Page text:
Hurricane Fiona is currently a Category 3 hurricane bringing hurricane conditions to parts of the Turks and Caicos Islands as it continues to move northward.
The hurricane is forecast to move north into an area of favourable ocean water temperatures and atmospheric conditions allowing it to become a Category 4 hurricane, with maximum sustained winds near 220 kilometres per hour as it passes west of Bermuda late Thursday. While a direct hit to Bermuda is not forecast, the Island is still being advised to monitor the progress of the hurricane.
The National Hurricane Center then brings Fiona as a Category 3 hurricane into the Scotia Slopes marine area south of Sable Island Friday night. Fiona is then forecast to approach eastern Nova Scotia as a Category 2 hurricane Saturday morning.
The forecast cone -- or the area the centre of the storm is expected to take a path through -- still encompasses a large area of Atlantic Canada, stretching from Halifax on the western side, to the Burin Peninsula in Newfoundland on the eastern side. The cone does not predict the entirety of the area to be impacted by the storm nor the intensity of those impacts.
Hurricane Fiona is forecast to enter the Atlantic Canada region as a Category 2 hurricane transitioning to a powerful post-tropical storm late Friday into Saturday.
Regardless of the approach intensity and track of the hurricane, it is expected to undergo a post-tropical transition as it passes through Atlantic Canada.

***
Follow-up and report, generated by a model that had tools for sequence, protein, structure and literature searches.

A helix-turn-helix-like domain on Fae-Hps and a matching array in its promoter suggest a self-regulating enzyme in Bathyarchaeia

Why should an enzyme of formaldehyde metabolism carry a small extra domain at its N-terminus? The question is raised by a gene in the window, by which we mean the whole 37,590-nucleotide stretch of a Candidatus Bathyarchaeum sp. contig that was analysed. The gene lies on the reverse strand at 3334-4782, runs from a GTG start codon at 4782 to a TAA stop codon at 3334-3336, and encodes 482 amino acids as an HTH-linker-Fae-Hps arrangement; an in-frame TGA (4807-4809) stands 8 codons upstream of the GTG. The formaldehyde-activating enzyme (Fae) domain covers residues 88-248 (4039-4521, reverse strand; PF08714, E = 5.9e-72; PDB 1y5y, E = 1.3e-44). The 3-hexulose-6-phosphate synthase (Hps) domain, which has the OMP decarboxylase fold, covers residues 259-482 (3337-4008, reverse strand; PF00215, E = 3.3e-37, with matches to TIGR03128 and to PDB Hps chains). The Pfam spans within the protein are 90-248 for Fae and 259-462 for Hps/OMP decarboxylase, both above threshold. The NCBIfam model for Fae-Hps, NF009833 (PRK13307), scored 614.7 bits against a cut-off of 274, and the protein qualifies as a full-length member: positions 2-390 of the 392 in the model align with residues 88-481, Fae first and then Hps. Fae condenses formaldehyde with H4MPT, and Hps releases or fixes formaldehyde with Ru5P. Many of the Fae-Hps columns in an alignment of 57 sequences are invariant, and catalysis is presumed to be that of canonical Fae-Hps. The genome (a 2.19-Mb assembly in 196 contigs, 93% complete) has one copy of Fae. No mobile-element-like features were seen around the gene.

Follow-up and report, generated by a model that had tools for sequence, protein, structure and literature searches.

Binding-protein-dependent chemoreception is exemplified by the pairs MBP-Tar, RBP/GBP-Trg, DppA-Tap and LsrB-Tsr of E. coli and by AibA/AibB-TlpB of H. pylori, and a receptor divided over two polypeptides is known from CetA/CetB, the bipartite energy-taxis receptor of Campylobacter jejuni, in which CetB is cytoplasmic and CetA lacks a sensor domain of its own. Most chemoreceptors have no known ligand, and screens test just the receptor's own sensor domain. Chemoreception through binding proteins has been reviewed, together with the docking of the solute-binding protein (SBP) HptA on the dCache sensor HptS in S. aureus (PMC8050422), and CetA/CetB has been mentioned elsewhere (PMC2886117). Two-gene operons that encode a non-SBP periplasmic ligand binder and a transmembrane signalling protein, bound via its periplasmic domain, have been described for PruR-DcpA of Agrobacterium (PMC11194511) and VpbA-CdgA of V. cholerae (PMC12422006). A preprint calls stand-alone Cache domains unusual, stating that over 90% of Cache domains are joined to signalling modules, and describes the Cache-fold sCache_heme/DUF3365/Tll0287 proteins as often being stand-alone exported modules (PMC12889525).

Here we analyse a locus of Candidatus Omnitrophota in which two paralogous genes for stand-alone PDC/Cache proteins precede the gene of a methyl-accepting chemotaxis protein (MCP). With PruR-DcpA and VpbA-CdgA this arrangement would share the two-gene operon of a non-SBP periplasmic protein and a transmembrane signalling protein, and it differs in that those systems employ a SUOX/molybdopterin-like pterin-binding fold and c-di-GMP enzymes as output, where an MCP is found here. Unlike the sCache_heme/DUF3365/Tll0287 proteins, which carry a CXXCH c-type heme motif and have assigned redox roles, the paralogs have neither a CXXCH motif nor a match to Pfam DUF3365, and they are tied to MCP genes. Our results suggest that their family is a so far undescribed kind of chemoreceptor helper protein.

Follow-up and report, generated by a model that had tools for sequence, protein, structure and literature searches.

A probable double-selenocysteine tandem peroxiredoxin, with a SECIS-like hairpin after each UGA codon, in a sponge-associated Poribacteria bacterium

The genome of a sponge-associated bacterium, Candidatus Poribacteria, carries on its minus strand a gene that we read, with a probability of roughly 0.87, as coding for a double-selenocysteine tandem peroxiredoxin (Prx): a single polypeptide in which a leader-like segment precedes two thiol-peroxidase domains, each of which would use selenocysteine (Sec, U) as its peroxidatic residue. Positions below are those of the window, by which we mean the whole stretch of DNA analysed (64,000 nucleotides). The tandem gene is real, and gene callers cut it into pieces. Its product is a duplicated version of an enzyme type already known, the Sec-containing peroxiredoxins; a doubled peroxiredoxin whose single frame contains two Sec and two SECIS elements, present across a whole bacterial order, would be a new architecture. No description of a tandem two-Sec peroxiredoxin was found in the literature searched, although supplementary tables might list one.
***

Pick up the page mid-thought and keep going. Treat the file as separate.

This starts as the hurricane interacts with a weather front (cold front) on Friday and continues into the weekend. There will be a number of changes to the storm as a result including:
- An increase in speed northwards. Fiona will cover as much or more distance between Friday morning and Saturday as it will between Tuesday morning and Friday morning.
- An increase in the size of the storm. Fiona will take on a more stretched, asymmetrical appearance and cover a larger area.
- The intensity of rain and wind diffuses away from the centre of the storm but impacts a broader area. This means that heavy rain and high winds may be experienced further out from the centre of Fiona.
As Fiona undergoes post-tropical transition, it will go from symmetrical with intense conditions near the centre (left) to asymmetrical, larger and with more diffused rain and wind (right).
Environment Canada and the Canadian Hurricane Centre posted a Tropical Cyclone Information Statement for Newfoundland, Prince Edward Island, eastern New Brunswick, and all but the southwest of Nova Scotia Tuesday morning. They state that they are monitoring the hurricane, that the storm will become quite large and impact a broad area, and that the Canadian Hurricane Centre will begin six-hourly bulletin updates Tuesday night or early Wednesday.
An initial tropical weather statement was issued by the Canadian Hurricane Centre Tuesday morning.
While this storm will be large with broad impacts, we still need to narrow down the approach it will take through the region. A move towards Newfoundland will lessen the intensity of the impacts for the Maritimes, while a pass near or through Cape Breton would increase them. That will be narrowed considerably over the next few days.
The National Hurricane Center is giving a moderate-to-high probability of eastern P.E.I. and eastern Nova Scotia getting into tropical storm force winds (one minute sustained wind of 63+ kilometres per hour, stronger gusts) Friday night into Saturday morning. That said, the entirety of the Maritimes should be checking in on the forecast for the storm daily.
Some initial preparation for a high wind, heavy rain event would be appropriate. Things like checking working condition of generators and sump pumps, and making sure property drainage is free and clear of debris.